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lie of a cleaner oilsands

The lie of a cleaner oilsands

1 min read

In May 2022 a tailings pond at Imperial’s Kearl Lake facility in northern Alberta started leaking toxic waste into groundwater and outside its lease boundaries. But no one reported the leak to water users living downstream of the massive oilsands project for nine months.

In a nutshell:

Award-winning journalist Andrew Nikiforuk, writing for The Tyee, lays out a damning but all-too-familiar chronology of ongoing hydrocarbon spills in the Alberta oilpatch that go unreported and unregulated by the Alberta Energy Regulator. Indigenous leaders, their communities' food sources and drinking water contaminated, have blasted the agency as unaccountable.

Key quote:

“All trust with the Alberta government has been broken and has been broken for a long time. They can’t be trusted to oversee the mess,” Athabasca Chipewyan First Nation Chief Allan Adam told Parliament’s Standing Committee on Environment and Sustainable Development.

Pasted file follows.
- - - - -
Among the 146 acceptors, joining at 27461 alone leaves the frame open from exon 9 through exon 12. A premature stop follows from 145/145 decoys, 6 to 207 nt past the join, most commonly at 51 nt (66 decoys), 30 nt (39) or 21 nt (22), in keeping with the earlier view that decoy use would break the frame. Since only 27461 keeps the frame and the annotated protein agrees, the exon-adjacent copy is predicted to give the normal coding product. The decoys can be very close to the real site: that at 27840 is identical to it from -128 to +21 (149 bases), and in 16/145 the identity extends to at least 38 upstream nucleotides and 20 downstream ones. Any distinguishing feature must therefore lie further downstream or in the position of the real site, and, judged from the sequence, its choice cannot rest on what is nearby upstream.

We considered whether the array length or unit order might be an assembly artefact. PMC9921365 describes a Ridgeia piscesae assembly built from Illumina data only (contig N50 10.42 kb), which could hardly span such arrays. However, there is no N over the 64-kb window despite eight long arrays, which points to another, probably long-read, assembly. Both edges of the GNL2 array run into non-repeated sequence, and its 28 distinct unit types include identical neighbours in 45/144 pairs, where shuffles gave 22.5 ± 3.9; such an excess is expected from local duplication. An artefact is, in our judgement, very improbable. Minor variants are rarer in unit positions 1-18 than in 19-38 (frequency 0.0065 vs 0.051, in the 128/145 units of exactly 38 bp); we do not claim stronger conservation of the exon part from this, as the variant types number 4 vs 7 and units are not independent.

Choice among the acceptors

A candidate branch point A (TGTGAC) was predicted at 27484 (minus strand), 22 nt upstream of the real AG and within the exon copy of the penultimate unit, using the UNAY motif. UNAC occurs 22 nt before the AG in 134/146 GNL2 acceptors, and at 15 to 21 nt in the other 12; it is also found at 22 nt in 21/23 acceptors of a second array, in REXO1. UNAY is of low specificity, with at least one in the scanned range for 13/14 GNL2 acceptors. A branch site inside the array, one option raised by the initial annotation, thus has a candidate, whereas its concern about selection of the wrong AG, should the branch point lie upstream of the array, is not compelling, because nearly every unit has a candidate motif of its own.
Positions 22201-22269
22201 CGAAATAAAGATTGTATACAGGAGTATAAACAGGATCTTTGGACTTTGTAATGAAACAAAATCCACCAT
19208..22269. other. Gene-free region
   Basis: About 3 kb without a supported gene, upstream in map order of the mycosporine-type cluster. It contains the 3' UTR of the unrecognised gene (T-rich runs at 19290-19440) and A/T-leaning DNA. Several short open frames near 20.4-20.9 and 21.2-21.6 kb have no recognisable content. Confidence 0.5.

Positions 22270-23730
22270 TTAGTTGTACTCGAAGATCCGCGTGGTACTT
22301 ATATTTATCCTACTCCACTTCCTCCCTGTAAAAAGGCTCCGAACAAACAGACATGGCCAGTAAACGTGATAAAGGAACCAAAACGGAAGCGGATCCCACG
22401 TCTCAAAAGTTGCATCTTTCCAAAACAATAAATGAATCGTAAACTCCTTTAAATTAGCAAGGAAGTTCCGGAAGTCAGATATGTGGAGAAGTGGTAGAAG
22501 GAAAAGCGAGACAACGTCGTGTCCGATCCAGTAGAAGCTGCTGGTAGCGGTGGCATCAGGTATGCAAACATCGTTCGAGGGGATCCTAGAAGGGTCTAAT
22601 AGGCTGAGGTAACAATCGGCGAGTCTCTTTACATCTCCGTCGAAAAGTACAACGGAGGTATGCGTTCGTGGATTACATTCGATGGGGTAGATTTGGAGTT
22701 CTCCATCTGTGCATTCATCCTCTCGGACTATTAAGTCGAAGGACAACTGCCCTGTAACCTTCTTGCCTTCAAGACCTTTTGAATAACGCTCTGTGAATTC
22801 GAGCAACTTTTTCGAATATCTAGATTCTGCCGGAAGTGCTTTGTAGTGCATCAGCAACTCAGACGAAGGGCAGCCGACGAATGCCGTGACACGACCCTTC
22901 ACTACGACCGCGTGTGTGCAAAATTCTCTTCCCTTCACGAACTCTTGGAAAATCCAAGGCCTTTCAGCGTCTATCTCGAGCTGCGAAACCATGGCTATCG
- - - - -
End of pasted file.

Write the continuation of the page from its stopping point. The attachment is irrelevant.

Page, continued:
Big picture:

While the Canadian government claims progress toward a better-regulated, less-polluting industry, previous promises by the Alberta government and industry to control growing mining waste have been broken. Industry ignored 2009 rules to reduce the volume of tailing waste and regulators ultimately abandoned the rules, Nikiforuk reports. The latest scheme put forth by government and industry involves minimally treating tailings wastewater by filtering it through petroleum coke and releasing the water into the Athabasca River.

Read the full story from The Tyee.

About the author(s):

EHN Staff

Articles written and posted by staff at Environmental Health News

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